|Date Published||22 May 2014|
The Bones Beneath
Tom Thorne, newly reinstated to the murder squad, gets landed with a job that he really doesn’t want: accompanying psychopathic murderer Stuart Nicklin to a remote island off the Welsh Coast to look for the body of his first victim.
No one understands why Nicklin has suddenly offered to lead investigators to the place where he buried the body of his first victim, 25 years ago, when he was only in his teens. The problem is that – apart from having to be in the company of a man he loathes – Thorne has to take him to a remote island off the coast of north Wales. To get there, they have to be ferried in a small boat across an unpredictable stretch of water, and run the risk of being stranded there by bad weather.
Thorne’s convinced the whole thing is a set-up of some kind, a disaster waiting to happen, and although DCI Russell Brigstocke is inclined to agree with him, they can’t risk the public opprobrium that would follow if it gets out that they’ve not taken the opportunity to give one of Nicklin’s victims a decent burial.
Nicklin is dangerous and manipulative, at his most chilling when he’s having seemingly innocuous conversations with the unfortunate coppers and prison officers stuck with the job of escort duty. He delights in needling everyone around him, taking pleasure in being able to unsettle people with a word or a look. For reasons known only to himself, Nicklin has insisted on being accompanied by one of his fellow prisoners, Jeffrey Batchelor, a man imprisoned for beating to death the teenager who dumped his daughter by text message, and it’s Batchelor who provides one of the most emotionally searing scenes of the book.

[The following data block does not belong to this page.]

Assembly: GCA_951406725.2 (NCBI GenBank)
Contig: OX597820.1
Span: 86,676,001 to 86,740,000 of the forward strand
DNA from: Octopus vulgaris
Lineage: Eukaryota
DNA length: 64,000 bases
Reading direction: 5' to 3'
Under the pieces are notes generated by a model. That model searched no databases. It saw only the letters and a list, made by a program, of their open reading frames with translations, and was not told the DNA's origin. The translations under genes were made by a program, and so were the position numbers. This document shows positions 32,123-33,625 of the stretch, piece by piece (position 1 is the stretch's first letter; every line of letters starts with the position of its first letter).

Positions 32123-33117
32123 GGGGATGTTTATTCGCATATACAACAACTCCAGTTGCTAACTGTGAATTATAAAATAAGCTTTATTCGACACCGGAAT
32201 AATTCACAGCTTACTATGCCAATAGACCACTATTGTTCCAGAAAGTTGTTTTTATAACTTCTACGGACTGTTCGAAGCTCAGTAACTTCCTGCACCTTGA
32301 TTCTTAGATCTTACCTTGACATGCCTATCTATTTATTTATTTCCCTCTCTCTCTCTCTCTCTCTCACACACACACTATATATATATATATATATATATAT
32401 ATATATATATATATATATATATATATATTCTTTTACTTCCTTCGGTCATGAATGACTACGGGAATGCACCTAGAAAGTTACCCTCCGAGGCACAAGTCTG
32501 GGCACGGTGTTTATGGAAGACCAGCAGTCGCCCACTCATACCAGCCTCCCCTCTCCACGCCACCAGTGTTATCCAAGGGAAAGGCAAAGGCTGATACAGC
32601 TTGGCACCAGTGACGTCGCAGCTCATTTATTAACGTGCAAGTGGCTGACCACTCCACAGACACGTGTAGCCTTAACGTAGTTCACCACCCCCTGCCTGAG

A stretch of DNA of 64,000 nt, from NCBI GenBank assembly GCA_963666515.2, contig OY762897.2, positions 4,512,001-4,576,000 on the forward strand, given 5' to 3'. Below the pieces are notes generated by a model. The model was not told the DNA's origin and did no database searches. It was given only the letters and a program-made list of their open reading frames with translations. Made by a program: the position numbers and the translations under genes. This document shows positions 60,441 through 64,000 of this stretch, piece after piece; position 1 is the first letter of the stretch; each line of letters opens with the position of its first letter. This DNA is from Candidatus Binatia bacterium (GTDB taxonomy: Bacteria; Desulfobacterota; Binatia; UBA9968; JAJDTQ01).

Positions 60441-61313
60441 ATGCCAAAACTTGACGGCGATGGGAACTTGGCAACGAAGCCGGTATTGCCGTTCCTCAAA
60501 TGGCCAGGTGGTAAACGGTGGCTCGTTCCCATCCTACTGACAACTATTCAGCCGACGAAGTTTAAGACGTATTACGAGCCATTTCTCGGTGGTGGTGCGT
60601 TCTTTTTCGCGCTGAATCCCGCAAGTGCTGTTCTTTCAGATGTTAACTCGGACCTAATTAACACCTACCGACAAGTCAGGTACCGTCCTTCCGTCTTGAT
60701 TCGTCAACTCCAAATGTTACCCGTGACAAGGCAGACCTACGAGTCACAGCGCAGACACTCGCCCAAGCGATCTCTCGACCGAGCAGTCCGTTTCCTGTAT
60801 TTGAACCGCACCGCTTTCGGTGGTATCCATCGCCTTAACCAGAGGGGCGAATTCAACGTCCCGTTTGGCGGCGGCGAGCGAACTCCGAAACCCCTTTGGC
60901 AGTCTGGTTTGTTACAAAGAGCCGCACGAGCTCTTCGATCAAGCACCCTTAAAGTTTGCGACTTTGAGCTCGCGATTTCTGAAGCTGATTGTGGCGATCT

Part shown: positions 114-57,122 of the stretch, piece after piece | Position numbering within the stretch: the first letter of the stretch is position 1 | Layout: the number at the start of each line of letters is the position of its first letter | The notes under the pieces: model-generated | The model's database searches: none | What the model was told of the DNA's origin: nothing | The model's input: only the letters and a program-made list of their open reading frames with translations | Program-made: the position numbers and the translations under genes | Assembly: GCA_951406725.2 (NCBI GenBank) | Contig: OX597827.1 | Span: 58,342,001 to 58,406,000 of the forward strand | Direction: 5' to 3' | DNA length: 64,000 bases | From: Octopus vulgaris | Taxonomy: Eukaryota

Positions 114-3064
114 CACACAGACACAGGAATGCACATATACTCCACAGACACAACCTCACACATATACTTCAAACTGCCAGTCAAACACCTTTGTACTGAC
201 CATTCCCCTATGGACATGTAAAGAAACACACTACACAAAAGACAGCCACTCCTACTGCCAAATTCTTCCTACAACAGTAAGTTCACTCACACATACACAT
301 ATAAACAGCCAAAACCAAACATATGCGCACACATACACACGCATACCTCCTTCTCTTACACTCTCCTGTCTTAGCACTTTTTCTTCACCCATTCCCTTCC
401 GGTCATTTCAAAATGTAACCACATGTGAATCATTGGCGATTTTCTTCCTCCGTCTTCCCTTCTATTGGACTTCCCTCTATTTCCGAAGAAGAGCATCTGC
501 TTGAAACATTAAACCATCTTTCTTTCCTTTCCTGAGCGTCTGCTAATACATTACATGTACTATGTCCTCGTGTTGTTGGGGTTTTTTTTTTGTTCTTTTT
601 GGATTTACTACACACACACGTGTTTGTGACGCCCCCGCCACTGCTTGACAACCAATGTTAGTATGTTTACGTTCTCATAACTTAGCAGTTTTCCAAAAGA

Mark Billingham builds the tension as skilfully as ever in The Bones Beneath, combining the remoteness of the settling with the edginess of Nicklin’s escorts to provide the sort of creeping menace redolent of the more nerve-jangling type of horror story. I was reminded all the way through of funfair ghost trains as a kid, where you spent the whole ride expecting skeletons to jump out of cupboards at you and screaming in delight when they did.
There are times when the switches between past and present seem a little clumsy and when the action does finally kick off, Billingham makes a jarring and unnecessary shift from past to present tense, presumably in an attempt to lend even more immediacy to what’s going on. The Bones Beneath doesn’t need any stylistic devices of that type; it’s as cold as a night on a foggy mountainside, and drags you along with the inexorable force of an outgoing tide. There were definitely times when I felt like reading from behind the safety of the sofa.
Reviewed 12 July 2014 by Linda Wilson